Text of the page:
Uses of hydrogen fuel
One of the more widely discussed applications of hydrogen fuel is in fuel cells to generate electricity. Originally developed in the 19th century, fuel cells are used to power vehicles, replacing the internal combustion engine, or in stationary applications. Instead of using petrol or diesel as the fuel, gaseous hydrogen is stored in a tank on board the vehicle. This then reacts with oxygen (from the air) to produce the electricity needed to power the vehicle.
The only product of this reaction is water, which is one of the main advantages of the fuel cell compared with ICE vehicles, which emit carbon monoxide, nitrogen oxides (NOx), and unburnt hydrocarbons in the exhaust.
The fuel cell components engineered specifically for automotive applications at JM’s Swindon site are used in polymer electrolyte membrane fuel cells. These consist of two main components: an anode and a cathode, separated by a polymer electrolyte. At the anode, hydrogen is oxidised to H+ via a platinum metal catalyst; at the cathode, the H+ combines with oxygen to form water and generate electricity. JM develops and manufactures the membrane and the catalysts that drive these critical reactions, and incorporates them into catalyst coated membranes and membrane electrode assemblies.
Why use hydrogen in transportation?
Hydrogen fuel has a high energy density by weight, and, when pressurised in a tank on a vehicle, it has a high volumetric energy density, which equates to a high vehicle range.
In the transport industry, there are two technologies frequently touted as alternatives to fossil-fuel combustion engines: batteries and fuel cells. Battery research continues to improve factors such as range, cost and energy density, but hydrogen has an energy density (by weight) around 140 times higher than that of current batteries. In practice, this means that fuel cell cars can travel up to 400 miles using just 5kg of pressurised hydrogen. This higher energy density means that for vehicles that regularly travel long distances, such as long haul trucks and a portion of the passenger car fleet, fuel cells can be a viable option. For much of the passenger car fleet, typically used for shorter urban journeys, batteries make more sense.
Another benefit of hydrogen fuel is the time taken to refuel the vehicle. Since only 5kg or so of hydrogen needs to be put into the vehicle tank, fuel cell cars can be refuelled in mere minutes, on a par with current petrol or diesel vehicles. Again, this makes it particularly attractive in long-haul applications or for those who require very high vehicle utilisation.
The high energy density and rapid refuelling time also make fuel cells applicable for other modes of transportation including forklift trucks and trains. In fact, in September last year, the world’s first hydrogen powered train was launched to service a 62-mile track in northern Germany.
Battery and fuel-cell technologies excel in different transportation applications, so JM has been investing in both technologies. JM has developed its proprietary eLNOTM battery cathode materials, while concurrently researching and producing key components for hydrogen fuel cells at its Swindon facility.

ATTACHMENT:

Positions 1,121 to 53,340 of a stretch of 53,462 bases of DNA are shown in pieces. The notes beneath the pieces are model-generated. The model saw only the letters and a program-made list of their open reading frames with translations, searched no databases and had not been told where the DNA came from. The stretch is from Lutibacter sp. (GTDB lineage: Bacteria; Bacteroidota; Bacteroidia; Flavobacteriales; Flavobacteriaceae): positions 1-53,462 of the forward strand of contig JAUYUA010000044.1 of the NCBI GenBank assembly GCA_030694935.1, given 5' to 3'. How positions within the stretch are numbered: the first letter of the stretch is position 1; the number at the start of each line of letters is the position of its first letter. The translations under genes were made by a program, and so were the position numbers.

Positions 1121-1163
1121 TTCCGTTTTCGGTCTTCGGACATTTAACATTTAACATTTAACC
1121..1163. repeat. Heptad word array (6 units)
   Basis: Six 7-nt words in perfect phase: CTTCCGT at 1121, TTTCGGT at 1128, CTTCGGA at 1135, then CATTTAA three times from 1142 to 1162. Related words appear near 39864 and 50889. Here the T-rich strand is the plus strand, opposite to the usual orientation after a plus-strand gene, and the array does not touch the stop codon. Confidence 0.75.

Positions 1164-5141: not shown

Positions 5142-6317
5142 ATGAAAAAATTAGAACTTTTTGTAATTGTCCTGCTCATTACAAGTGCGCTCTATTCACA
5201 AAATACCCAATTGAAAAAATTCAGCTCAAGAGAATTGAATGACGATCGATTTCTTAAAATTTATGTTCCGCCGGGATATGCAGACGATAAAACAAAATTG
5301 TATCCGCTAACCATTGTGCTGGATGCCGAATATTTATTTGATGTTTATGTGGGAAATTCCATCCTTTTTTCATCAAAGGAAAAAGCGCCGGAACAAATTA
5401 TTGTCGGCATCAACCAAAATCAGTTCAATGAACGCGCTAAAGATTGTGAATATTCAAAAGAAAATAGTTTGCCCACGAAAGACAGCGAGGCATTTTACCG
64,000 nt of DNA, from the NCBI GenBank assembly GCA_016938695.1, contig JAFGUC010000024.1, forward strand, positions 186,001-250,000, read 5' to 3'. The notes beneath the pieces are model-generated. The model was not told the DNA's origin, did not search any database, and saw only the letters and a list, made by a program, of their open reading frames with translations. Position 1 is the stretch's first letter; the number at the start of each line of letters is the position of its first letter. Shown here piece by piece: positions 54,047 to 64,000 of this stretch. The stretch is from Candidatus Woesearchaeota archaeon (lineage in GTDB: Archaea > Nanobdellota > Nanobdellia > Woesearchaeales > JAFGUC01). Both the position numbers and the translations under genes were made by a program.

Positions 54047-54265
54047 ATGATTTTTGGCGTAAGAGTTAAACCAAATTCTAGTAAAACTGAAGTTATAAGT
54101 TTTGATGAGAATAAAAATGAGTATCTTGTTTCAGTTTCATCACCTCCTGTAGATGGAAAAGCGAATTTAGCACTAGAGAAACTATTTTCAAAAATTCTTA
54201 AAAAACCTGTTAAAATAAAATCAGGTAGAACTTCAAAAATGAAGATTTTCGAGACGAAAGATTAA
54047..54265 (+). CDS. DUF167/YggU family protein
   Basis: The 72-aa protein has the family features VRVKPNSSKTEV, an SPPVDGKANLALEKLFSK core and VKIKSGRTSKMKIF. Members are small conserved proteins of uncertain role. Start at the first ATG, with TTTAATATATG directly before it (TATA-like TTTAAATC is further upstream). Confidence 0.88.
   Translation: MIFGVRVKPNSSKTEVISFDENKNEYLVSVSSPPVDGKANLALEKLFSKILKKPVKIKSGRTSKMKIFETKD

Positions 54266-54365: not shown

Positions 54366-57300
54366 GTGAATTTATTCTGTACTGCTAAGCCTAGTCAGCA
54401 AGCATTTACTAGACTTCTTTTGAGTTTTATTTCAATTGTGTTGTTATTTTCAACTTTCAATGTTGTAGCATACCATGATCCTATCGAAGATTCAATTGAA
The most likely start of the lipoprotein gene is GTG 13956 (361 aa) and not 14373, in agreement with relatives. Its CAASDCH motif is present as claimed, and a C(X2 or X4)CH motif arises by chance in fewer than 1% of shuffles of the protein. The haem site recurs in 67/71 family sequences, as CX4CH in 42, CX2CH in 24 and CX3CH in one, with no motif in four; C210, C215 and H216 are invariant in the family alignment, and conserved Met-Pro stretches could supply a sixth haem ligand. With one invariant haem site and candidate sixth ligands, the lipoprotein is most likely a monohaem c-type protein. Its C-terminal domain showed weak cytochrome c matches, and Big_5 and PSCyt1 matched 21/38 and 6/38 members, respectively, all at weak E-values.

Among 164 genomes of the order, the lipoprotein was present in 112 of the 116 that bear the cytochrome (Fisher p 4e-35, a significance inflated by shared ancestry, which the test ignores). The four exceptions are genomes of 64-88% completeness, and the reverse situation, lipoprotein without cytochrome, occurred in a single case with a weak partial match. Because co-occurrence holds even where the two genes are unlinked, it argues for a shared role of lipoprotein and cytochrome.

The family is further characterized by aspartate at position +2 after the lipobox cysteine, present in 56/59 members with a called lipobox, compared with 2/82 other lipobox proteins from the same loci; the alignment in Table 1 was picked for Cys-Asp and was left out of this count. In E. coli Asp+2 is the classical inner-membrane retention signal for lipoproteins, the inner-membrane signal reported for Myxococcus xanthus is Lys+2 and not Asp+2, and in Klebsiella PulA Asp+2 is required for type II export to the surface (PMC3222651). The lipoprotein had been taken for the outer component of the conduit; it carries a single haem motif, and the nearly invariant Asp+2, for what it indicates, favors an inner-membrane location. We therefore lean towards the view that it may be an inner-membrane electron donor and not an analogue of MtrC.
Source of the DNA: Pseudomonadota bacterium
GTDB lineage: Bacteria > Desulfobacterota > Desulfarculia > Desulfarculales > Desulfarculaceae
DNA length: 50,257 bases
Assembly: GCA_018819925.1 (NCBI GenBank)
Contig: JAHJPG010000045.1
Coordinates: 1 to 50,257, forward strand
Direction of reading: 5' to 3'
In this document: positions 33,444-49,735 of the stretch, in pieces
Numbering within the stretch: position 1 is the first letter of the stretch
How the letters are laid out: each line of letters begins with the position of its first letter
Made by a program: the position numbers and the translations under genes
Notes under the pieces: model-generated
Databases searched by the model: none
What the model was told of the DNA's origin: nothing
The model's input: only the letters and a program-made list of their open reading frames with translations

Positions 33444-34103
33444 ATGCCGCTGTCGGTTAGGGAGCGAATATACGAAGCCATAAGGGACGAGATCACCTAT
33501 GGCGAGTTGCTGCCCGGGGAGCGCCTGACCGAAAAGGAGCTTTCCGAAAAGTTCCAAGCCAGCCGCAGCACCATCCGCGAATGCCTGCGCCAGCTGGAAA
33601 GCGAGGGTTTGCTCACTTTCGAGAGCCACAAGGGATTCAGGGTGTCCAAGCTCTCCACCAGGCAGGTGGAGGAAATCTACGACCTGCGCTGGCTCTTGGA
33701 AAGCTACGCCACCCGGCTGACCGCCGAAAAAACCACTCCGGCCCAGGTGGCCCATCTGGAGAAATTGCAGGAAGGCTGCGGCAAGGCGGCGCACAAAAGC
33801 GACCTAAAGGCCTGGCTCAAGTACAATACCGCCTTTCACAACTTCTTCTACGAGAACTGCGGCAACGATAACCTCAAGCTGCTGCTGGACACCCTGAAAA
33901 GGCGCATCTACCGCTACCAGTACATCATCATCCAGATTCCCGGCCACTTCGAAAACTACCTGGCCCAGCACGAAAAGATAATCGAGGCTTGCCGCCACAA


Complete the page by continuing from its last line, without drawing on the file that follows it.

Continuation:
Power for the future
While methods to generate, transport and use hydrogen fuel will continue to evolve over the coming years, there is still one challenge preventing its widespread adoption: infrastructure. There are currently around 300 hydrogen refuelling stations throughout the world, and if hydrogen fuel is going to have the desired impact this must be addressed through a collaborative and strategic vision. Based on current government and other stakeholder targets, the number of hydrogen refuelling stations is projected to increase to around 5000 by the 2030s.
In the private sector, the Hydrogen Council has been established to provide the long-term vision that will direct the future of hydrogen energy. Consisting of many different companies across the globe, its members are working to provide the necessary strategy to establish hydrogen fuel as a major contributor to the clean energy transition. In 2018, JM joined the Hydrogen Council as a steering member as we are clear that it will take multiple partners from all over the globe to achieve the full potential that hydrogen can offer to society. By taking a leading role in this organisation, we can work with other members in shaping the future for hydrogen.
From our heritage in the automotive industry delivering catalytic convertors for fossil-fuel vehicles, we are well positioned to continue the drive to low-carbon fuels across many sectors of the supply chain. We have decades of experience relevant to producing key components for the fuel cells used in transportation and electricity generation markets, or in licensing the most efficient process for production of low carbon hydrogen at scale. Our key R&D capabilities in catalyst development and reforming technologies mean we can continue to provide customers with the necessary expertise that will help to realise the hydrogen future.
By 2030, it is possible that up to 4 million vehicles will be powered by hydrogen, with approximately 5 million fuel cells in use in transportation and other markets. It is also anticipated that hydrogen will be reducing emissions from heating and the power sector with large-scale demonstrations in operation allowing key decisions on deployment to be made through the 2030s.
The hydrogen-powered future is upon us. With investment, policy, research and innovation, hydrogen fuel will help to realise a carbon-free future.
eLNO is a trademark of Johnson Matthey Public Limited Company
Jane Butcher: Managing Director of the fuel cells business at Johnson Matthey
Sam French: Business Development Manager at Johnson Matthey
Andy Walker: Technical Marketing Director at Johnson Matthey
Barry Edmonstone-West: Group Strategy Director at Johnson Matthey
Article originally published by Chemistry World on 29th April 2019.